Pop-Punk has become quite the varied canvas and infuser in its generation-old medium. Gentleman’s Brawl, ‘Roseblunt’ and ‘Black Tar’, a band from Leeds soon to release the respective latter-two titles as their latest, are a living, breathing example. The five-piece’s sound exists on the periphery of the stylistic in such a position as to visibly gaze upon where it has twisted and turned.
In the past, Gentleman’s Brawl have permeated their work with jagged, punching Pop-Punk rhythms, vocal and guitar-melodies dancing closely with crooning Emo and an inherent Easycore grit. The Leeds five-piece crossed to and from such on the debut three-track release from 2018 and by 2020, had reigned-in the early 2000’s attributing Post-Hardcore and Alt. Rock rumble of ‘Respawn’. The band’s vocals move alongside their earnest, mood-controlling leads in ‘Respawn’ and across their work but also possess one unambiguously important characteristic. The vocal tones remain for the most part UK-centric, away from the North American nasality of the post-Tom Delonge world. That is no disrespect to those who emulate such, but it is indeed very common.
‘Roseblunt’ is looming, foreboding and dangerous from its first instance. An almost horror-themed lead threads its way through metallic chugging before the band’s known Easycore near-fully transitions into a glaring and brash Alternative Metal-inclined sound. However, the band’s varied nature then employs its contrast. GB’s rumble then falls into anthemic A Day To Remember-esque melodies and stylised darkened Pop-Punk with a chord-progression that encourages a similar alternation and reprieve from the overall more aggressive vocals. The band are dancing menacingly with confidence across their influences onward to combustion. However, as skillfully balanced and rhythmically aggressive the band are in the majority of ‘Roseblunt’ the eventual combustion is an ambiguous deal breaker.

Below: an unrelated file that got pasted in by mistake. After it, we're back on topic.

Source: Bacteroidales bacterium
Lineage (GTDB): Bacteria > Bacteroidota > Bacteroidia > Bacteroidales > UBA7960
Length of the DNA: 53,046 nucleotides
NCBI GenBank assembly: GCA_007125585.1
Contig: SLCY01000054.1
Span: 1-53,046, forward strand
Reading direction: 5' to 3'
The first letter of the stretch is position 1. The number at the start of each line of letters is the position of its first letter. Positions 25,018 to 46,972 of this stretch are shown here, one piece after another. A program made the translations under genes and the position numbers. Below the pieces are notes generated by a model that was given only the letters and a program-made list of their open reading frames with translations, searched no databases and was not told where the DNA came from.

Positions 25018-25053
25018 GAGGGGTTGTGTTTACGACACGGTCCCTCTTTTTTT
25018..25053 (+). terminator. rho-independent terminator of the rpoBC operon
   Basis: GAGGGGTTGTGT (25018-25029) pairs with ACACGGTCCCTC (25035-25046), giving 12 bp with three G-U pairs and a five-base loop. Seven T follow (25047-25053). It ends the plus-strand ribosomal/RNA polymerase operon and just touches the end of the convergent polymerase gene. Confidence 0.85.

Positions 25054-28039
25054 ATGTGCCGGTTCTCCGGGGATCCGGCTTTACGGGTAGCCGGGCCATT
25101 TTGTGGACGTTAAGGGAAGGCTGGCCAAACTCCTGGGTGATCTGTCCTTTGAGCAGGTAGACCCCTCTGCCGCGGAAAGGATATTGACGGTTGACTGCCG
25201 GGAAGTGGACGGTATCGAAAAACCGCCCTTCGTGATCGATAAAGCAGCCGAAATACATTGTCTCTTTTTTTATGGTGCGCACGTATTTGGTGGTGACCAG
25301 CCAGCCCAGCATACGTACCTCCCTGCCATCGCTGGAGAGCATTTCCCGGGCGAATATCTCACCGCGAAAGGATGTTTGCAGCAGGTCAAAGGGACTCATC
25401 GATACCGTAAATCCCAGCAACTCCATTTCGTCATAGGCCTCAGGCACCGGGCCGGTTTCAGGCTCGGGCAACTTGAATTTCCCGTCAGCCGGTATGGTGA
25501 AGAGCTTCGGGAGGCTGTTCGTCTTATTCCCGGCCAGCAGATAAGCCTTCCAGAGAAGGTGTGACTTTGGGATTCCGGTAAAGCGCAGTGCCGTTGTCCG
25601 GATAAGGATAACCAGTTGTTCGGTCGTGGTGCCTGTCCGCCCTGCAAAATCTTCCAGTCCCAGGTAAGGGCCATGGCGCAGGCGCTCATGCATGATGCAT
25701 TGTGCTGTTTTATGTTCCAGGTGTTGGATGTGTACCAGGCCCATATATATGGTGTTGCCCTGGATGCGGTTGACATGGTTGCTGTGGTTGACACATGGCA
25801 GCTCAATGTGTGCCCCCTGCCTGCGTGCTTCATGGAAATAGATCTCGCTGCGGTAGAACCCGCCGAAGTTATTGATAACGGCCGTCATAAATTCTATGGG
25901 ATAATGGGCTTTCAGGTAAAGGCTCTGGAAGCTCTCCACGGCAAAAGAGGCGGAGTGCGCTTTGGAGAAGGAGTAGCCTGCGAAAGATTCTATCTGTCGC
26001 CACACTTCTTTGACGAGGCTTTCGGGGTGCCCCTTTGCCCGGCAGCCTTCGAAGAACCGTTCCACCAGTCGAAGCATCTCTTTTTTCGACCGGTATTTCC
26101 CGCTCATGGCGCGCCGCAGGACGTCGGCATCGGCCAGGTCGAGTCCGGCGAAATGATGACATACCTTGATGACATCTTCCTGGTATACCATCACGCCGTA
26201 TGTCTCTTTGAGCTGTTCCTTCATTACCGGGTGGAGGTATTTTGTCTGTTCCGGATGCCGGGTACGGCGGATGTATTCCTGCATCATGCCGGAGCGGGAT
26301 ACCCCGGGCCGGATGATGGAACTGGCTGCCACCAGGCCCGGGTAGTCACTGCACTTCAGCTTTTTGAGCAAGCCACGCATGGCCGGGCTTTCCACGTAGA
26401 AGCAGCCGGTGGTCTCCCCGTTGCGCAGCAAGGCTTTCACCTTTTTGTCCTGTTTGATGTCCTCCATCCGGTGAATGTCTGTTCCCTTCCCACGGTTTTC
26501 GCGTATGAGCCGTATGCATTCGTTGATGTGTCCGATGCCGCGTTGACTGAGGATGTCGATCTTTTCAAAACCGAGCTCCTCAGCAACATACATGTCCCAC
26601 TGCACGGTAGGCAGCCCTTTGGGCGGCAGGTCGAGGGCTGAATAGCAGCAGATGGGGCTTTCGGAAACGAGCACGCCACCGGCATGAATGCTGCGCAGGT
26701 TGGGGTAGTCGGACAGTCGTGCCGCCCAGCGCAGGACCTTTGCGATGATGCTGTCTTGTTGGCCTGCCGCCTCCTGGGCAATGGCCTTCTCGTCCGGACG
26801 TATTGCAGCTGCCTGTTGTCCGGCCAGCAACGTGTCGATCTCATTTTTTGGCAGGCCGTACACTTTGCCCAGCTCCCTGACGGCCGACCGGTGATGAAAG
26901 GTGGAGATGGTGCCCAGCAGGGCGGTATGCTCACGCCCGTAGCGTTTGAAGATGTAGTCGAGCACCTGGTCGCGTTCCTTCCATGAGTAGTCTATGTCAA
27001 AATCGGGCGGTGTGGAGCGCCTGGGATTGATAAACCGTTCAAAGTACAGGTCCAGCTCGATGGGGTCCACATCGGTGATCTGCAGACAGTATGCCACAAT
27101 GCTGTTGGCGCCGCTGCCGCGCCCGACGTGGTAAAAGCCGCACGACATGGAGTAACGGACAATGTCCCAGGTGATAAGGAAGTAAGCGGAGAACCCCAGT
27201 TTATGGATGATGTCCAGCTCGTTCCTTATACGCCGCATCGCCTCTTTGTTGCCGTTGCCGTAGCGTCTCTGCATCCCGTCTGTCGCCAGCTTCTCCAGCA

‘Roseblunt’ is a confident and ambitious progression of the band’s heavier tendencies. It’s hard to fault such a drive but its final push is questionable and will either entice or divide. ‘Roseblunt’ is an intense representation of GB’s experimentation. However, it is in closing the Metalcore-inclined death growl that it arguably treads a foot on a bridge too far. This will depend entirely on whether GB’s push past Easycore into Metal is to beholder’s taste. That said, credit where it’s due for how unsettlingly powerful said scream is. What I will say though is how prior to this hit or miss, that the band’s heavier sound is to be commended.
‘Black Tar’ epitomises the band’s roots. Gentleman’s Brawl refines what they are arguably best at here. The threading emotively-charged guitar work and vocal alternation are at their strongest. The band retain their inherent weight yet it is quite intentionally, near-completely eclipsed by their Pop-Punk penchants and influences. There is little more to say on ‘Black Tar’ and its return to form. The five-piece have laid themselves bare across this double single, flexing their newly refined and more expansive muscles in one part ambitious experimentation, one part ear-worming refinement.
Gentleman’s Brawl and their ‘Roseblunt’ // ‘Black Tar’ foray mark an exciting period for the band. This is not only in reference to the above and its dichotomy but furthermore unto where it could all lead. Find the band and pre-save below.